My parents met on a New York City subway. They rode the same line and saw each other a few times before one day my dad asked if the seat next to my mom was taken. Ten months later they were engaged and 31 years later they are happily married with two fabulous daughters 😏.
There is definitely more to the story, but there’s also a few things that didn’t happen during their courtship. My mom didn’t screenshot texts from my dad to her bffs. My dad didn’t show pictures from my mom’s Instagram to his boys. They didn’t collectively stalk each other’s Facebook pages back to their creation. My mom did not wonder why my dad watched her Snapchat story, but didn’t respond to her text.
It was a simpler time. My dad called my mom on a landline to set up dates. They would walk from Queens to Manhattan on foot just talking and exploring . The only people who knew what happened on those dates was them because it wasn’t shared on social media. Their engagement had little fanfare and people found out through a phone call or by seeing them in person. There was no “I said yes!” post and their wedding didn’t have a hashtag.
In the good old days people missed phone calls all the time. They were at work. They were in the shower. They were unable to get to the phone in time. Someone may even have taken the message and forgot to pass it along. While getting a hold of each other was probably frustrating at times, non-millennial couples definitely didn’t face the drama millennials do in regards to phones.
I don’t know how many times I’ve heard myself or someone else say, “He still hasn’t texted back which is crazy because I know he’s always on his phone!”. This anxious feeling only worsens with each passing hour. Then finally we get, “Sorry was :insert activity: and forgot to reply”. What?! We thought you were dead! 🙄
Another stark contract between millennials and our parents is how leery we are when it comes to settling down. My parents knew each other less than a year before they got engaged and I’ve been with my boyfriend on and off for five years. See the difference?
The median age for millenials’ first marriage is 27 for women and 29 for men. I’m 27 and four years older than my mom was when she got married. I’m also two years older than she was when she had me and one year younger than she was when she had my younger sister. I’d feel strange if I was alone, but only one of my close friends is engaged. None are married.
Is it a fear of commitment? Is it because we are much more focused on our careers than our parents were? Are our standards for Mr. or Mrs. Right just too high? Is it financially driven? The answer is unclear.
I can’t speak for all millenials, but I do want to get married. I’m also paying off a mountain of student loan debt and not exactly where I need to be career wise. If my boyfriend asked me today I’d say yes, but in the back of mind I’d think how are we going to pay for all of this? What about next steps like buying property and having children? Can we afford that yet?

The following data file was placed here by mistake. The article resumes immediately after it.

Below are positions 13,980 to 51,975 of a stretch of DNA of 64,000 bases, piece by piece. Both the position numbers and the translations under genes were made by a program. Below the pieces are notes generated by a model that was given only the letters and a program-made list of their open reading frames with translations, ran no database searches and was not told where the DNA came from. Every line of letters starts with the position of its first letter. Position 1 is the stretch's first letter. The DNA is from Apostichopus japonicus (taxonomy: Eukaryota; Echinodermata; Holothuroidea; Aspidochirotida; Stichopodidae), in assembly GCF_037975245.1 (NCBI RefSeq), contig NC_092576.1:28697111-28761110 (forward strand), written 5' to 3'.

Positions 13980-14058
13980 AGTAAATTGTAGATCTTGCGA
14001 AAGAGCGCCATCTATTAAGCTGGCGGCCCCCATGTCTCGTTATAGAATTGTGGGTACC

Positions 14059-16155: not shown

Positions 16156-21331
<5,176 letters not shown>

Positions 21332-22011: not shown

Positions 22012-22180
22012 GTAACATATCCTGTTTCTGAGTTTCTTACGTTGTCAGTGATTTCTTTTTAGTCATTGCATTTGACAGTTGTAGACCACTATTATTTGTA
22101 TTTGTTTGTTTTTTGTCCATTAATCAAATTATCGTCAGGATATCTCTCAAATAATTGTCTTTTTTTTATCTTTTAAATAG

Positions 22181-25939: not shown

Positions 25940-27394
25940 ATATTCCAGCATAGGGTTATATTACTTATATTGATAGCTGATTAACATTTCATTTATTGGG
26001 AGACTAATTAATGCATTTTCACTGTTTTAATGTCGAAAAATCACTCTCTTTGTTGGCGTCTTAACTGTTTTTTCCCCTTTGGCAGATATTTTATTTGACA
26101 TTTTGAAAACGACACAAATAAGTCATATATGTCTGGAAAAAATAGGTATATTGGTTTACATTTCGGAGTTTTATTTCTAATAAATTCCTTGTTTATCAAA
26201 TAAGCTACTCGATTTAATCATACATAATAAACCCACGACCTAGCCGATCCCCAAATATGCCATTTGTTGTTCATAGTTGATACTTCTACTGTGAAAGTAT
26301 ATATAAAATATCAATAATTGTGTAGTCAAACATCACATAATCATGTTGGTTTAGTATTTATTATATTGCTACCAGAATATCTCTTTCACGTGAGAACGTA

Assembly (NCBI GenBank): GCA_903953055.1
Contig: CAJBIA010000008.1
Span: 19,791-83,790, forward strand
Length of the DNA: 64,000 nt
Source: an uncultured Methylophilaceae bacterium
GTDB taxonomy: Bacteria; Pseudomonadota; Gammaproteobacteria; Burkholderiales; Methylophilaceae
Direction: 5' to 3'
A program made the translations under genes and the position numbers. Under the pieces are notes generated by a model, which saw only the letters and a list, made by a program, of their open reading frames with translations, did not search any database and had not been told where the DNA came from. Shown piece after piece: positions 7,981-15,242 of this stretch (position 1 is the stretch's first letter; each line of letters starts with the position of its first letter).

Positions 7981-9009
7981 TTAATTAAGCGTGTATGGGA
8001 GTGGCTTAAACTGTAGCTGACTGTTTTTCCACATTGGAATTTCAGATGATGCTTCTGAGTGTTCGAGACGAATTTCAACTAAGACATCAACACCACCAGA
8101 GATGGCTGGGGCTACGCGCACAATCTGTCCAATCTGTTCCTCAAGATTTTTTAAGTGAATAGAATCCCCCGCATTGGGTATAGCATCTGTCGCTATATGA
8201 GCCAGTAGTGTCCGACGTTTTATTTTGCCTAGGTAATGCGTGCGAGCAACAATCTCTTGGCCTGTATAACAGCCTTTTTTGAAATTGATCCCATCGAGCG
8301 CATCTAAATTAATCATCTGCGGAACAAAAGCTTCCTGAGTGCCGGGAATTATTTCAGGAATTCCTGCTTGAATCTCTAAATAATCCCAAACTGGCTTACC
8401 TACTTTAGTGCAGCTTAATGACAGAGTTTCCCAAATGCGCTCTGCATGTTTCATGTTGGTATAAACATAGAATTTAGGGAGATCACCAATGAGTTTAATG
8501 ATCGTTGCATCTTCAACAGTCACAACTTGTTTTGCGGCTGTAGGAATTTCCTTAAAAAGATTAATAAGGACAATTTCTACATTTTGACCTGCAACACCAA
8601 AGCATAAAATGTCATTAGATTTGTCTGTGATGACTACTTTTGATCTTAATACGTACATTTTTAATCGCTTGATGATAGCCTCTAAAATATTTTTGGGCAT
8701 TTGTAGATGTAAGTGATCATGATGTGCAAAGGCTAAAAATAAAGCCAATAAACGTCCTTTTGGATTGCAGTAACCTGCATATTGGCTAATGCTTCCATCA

I know that takes the romantic aspect out of it, but I started college during a recession so for me the sky is always falling. I also know that marriage doesn’t mean the house and 2.5 kids need to come right after, but I want them to. So why rush into it?
You’re probably asking what brought on this millennial rant? Well, it’s a segue into a series I’ll be launching about millenial love stories. We may not be getting married as young. We may not be meeting the way our parents did. We may have a some tech/social media drama. We are finding love though! I woud like to explore that.
Here’s the semi-brief version of my millennial “love story”…
I met my boyfriend at his fraternity’s house party. I was sitting on a couch and he was standing in front of me. Our versions differ, but he claims I grabbed his hand. I dispute this. Regardless of what happened, we got to talking and exchanged numbers.
We met in February. Two months go by, he still hadn’t texted me. Even though every time I saw him at a party or the bar he asked when we’re hanging out. Then one day during the end of March Madness (beginning of April), he asked me again. I started telling him never because he is never going to ask, but he interrupted me by kissing me. From that moment on we were inseparable.
We even made it work when the relationship shifted to being long distance. After two years of making it work, he called me and told me he couldn’t do it anymore. I hated him for it, but he was right. It wasn’t fun anymore.
A year goes by and I see one of his friends post on his Facebook wall about them becoming roommates in the city. I tell myself, you’re not going to text him! You’re finally “over” him. It’s over. One night a couple months later after one too many adult beverages I texted him, “Hey what’s up?”
When he hadn’t responded in the morning I started to thoroughly regretting my life choices, but then he replied and immediately informed me that he had moved to the city. In true form, it took us a little while to meet up. We finally did though and have been back together for the last two years.
He teases me mercilessly, tells me like it is, and annoys me like it’s a second job. He is also my best friend. Can’t imagine a life without the guy.
I’ll be interviewing other millennial couples so stay tuned!